As we enter our sixth week of coronavirus quarantine, many of you guys are beginning to resemble Mr. Burns during his Spruce Moose phase. And while letting your locks flow free during this time of physical isolation can be liberating for a while, do you really want to emerge from your mandatory staycation rocking the “Grizzly Adams but hikikomori” look? No, my friend. No, you do not. Besides, you’ve got nothing but time right now, so why not spend a bit of it pampering that noggin of yours?
Even if you are getting a bit shaggy, there’s no need to take immediate drastic action. “I think it's just essentially knowing right off the bat, what you're getting yourself into, and how to prepare for it,” Craig “the Barber” Whitely, founder of LA’s Grooming Concierge and Burke Avenue shaving products, told Engadget. “Just like anything else, you create a plan and then attempt the execution.”
“I think it's more knowing what your hair type is and what tools you're going to need to accomplish the goal,” he continued. “That's essentially the beginning, I don't think it's a dreadful and scary situation.”
In fact, you can keep yourself looking sharp even as your hair gets progressively longer by focusing on two key areas, Whitely noted: the back of your hairline, the bit where your barber would typically square or round off, and your sideburns. “if you can maintain those key areas, just trim those down,” he said, “that will 100 percent maintain whatever hairstyle you had, at least for a little bit longer.”
You may also consider a different do that emphasizes your lengthening locks. Many hairstyles, Pompadours for example, actually work better the longer your hair is. “Really all you need is hair product and a blow dryer,” Whitely explained. “You just go to town, blow dry it, then brush and you literally can flick all that back into a very beautiful Pompadour.”
But if you’re hell-bent on shortening your hair on your own, the simplest and safest cut you can give yourself is a standard men’s burr cut. Whitely strongly recommends using clippers with comb guards to help maintain a uniform length. “You start long and work your way down,” Whitely said, noting that it’s far easier to take more length off than try to add it back on. “If you start long, then you will never, ever see that big mistake, that patchy situation on one side of your head and have to wear a hat for the next three weeks.”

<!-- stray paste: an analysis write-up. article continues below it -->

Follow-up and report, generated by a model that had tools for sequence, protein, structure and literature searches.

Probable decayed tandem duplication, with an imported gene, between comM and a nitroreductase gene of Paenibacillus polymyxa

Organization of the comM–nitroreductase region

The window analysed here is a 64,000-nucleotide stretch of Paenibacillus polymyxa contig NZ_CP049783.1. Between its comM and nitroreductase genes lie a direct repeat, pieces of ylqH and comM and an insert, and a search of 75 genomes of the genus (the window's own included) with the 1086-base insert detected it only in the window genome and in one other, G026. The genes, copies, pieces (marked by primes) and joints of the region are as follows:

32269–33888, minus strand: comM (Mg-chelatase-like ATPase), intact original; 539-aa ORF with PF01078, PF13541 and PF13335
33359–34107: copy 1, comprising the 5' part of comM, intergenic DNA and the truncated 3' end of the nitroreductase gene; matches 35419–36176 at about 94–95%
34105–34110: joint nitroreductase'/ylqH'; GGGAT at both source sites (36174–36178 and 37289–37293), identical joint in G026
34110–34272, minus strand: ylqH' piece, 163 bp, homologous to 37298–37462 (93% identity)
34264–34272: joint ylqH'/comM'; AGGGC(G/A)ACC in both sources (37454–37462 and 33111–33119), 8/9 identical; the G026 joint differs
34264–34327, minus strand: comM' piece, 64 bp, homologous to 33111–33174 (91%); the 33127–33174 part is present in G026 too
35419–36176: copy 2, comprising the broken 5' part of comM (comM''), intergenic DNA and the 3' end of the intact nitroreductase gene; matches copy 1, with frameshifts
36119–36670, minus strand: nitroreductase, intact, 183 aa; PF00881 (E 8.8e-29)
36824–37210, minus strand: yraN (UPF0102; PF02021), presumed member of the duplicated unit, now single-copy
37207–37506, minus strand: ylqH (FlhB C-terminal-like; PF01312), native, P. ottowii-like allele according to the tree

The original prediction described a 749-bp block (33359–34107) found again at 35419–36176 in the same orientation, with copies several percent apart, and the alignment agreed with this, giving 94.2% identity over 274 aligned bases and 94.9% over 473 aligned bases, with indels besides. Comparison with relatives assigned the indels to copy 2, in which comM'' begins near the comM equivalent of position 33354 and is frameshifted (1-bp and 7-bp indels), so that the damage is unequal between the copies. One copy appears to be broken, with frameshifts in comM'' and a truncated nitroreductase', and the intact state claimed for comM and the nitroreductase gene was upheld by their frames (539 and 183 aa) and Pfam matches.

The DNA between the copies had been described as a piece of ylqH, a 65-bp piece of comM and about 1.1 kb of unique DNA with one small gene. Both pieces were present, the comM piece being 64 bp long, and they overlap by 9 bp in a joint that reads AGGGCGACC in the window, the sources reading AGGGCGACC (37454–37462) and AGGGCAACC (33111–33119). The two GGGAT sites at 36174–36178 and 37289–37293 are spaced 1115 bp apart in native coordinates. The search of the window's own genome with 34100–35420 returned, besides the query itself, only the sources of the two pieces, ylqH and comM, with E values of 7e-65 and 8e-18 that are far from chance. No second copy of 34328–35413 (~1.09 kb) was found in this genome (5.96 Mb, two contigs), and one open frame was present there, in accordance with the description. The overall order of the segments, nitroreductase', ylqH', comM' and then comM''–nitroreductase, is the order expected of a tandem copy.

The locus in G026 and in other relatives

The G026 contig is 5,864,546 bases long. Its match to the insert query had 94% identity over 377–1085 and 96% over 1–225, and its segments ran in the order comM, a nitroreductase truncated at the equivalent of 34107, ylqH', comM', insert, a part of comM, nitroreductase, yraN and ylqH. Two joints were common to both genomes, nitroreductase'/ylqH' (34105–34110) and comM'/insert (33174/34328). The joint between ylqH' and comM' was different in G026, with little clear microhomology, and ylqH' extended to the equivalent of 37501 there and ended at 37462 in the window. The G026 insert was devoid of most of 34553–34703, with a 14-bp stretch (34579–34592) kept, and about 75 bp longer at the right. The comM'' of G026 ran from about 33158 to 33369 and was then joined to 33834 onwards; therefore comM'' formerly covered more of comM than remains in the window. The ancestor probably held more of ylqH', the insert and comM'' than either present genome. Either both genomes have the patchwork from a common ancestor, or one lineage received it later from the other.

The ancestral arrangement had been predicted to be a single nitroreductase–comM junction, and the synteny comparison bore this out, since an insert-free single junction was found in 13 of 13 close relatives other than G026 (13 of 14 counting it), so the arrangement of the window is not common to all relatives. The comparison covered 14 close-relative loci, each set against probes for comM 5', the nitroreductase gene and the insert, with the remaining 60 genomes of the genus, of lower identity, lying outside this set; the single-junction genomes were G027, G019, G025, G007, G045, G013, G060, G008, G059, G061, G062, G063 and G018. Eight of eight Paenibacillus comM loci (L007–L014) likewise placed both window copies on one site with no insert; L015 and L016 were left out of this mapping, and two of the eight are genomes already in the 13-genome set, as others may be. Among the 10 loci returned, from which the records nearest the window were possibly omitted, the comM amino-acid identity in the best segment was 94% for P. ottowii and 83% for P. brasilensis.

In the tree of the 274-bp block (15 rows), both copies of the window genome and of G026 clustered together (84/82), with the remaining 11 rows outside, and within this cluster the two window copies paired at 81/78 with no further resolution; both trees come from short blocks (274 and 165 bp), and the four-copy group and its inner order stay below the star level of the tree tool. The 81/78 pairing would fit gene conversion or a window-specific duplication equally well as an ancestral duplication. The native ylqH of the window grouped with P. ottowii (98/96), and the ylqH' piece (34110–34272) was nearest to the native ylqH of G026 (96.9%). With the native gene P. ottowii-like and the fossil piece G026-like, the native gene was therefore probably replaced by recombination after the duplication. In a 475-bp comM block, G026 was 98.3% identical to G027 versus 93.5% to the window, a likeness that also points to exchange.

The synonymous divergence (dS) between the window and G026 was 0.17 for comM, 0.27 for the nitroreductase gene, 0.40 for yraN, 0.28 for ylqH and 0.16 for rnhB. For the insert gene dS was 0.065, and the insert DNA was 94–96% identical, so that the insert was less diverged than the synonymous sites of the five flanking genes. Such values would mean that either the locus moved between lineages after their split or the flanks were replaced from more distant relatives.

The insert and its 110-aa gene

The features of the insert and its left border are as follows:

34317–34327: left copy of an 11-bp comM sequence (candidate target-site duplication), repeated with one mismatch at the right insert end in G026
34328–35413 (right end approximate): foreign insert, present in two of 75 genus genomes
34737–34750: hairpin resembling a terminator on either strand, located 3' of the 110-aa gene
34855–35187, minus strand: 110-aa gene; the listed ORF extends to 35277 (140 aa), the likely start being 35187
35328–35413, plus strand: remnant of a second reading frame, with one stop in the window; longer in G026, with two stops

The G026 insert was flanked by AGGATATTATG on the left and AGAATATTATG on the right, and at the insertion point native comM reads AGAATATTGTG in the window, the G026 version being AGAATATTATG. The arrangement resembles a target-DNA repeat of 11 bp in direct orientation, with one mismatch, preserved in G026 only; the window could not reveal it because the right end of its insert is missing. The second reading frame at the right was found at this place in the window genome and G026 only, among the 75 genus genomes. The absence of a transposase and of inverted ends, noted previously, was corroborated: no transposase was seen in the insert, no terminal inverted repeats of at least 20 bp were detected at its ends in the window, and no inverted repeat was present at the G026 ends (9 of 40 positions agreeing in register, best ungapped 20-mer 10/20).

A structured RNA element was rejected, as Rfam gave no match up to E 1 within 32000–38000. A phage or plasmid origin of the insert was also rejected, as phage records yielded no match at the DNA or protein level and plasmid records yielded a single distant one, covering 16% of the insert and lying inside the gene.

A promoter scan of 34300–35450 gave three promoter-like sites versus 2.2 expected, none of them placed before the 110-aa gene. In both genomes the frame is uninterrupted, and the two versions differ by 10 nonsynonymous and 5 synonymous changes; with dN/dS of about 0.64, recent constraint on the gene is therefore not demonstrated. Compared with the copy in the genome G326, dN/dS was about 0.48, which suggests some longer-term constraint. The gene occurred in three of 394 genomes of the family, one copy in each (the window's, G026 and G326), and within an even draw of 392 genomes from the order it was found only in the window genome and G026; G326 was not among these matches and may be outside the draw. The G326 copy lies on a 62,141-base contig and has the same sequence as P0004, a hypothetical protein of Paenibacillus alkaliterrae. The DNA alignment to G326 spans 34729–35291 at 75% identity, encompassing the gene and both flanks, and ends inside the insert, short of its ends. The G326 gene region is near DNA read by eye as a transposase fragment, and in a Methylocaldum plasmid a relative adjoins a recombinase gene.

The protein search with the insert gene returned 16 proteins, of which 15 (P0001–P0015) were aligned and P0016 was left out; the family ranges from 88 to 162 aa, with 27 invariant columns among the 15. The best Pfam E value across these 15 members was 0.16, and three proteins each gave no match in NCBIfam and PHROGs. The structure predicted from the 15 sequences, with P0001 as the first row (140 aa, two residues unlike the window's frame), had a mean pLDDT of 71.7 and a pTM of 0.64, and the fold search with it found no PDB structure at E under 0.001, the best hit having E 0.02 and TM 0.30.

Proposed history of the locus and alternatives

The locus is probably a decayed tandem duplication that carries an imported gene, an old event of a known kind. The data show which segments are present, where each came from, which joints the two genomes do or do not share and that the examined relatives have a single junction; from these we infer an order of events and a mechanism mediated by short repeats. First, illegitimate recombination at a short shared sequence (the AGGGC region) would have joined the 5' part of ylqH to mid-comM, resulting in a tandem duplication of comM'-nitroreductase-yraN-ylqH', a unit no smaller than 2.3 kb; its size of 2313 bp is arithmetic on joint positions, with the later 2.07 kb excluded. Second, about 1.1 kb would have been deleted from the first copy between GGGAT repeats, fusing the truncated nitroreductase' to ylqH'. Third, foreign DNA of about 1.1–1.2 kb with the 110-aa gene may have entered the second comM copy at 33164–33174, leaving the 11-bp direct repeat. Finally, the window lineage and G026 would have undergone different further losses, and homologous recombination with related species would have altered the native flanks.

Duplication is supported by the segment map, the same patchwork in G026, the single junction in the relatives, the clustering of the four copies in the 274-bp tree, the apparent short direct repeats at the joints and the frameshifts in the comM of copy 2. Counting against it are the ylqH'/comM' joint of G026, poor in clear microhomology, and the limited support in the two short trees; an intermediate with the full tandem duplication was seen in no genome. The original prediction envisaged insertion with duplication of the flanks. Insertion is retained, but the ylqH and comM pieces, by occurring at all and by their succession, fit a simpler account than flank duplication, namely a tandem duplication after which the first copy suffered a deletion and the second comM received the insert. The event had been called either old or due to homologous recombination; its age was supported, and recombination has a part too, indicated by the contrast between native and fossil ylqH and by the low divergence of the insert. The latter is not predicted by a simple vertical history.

Before you start cutting, you’re going to need some supplies. First, grab an old bed sheet or bath towel to throw over your shoulders to catch all that hair. You’ll also need some scissors such as the Javenproliu Haircutting Shears, a wide-tooth comb like the Kent R7T, a sturdy hand mirror, and some hair clips. Most importantly, you’ll need a quality set of clippers. Whitely recommends either splurging on the $170 Oster Classic 76, “that thing is a workhorse you can literally pass it on to your kid,” or picking up one from Wahl, such as the $80 Peanut. Either way, make sure it includes comb guards. “If you are interested in seeing if you can give yourself a taper, then you'll have those clipper guards to help guide with that,” he said. “You start long, then go short and then once you've kind of figured out the length that you want,” you start at the bottom with the shortest guide and work your way up, getting longer as you go.
Your hand mirror is going to prove indispensable once it comes time to clean up the back, Whitely explained. You’re going to stand in front of a stationary mirror, like the one in your bathroom, and face away from it. Hold the hand mirror in your non-dominant hand and the clippers in the other. Hold the hand mirror in front of you and use it to look into the stationary mirror behind to guide your clipper hand as you shear the back of your head. Easy peasy.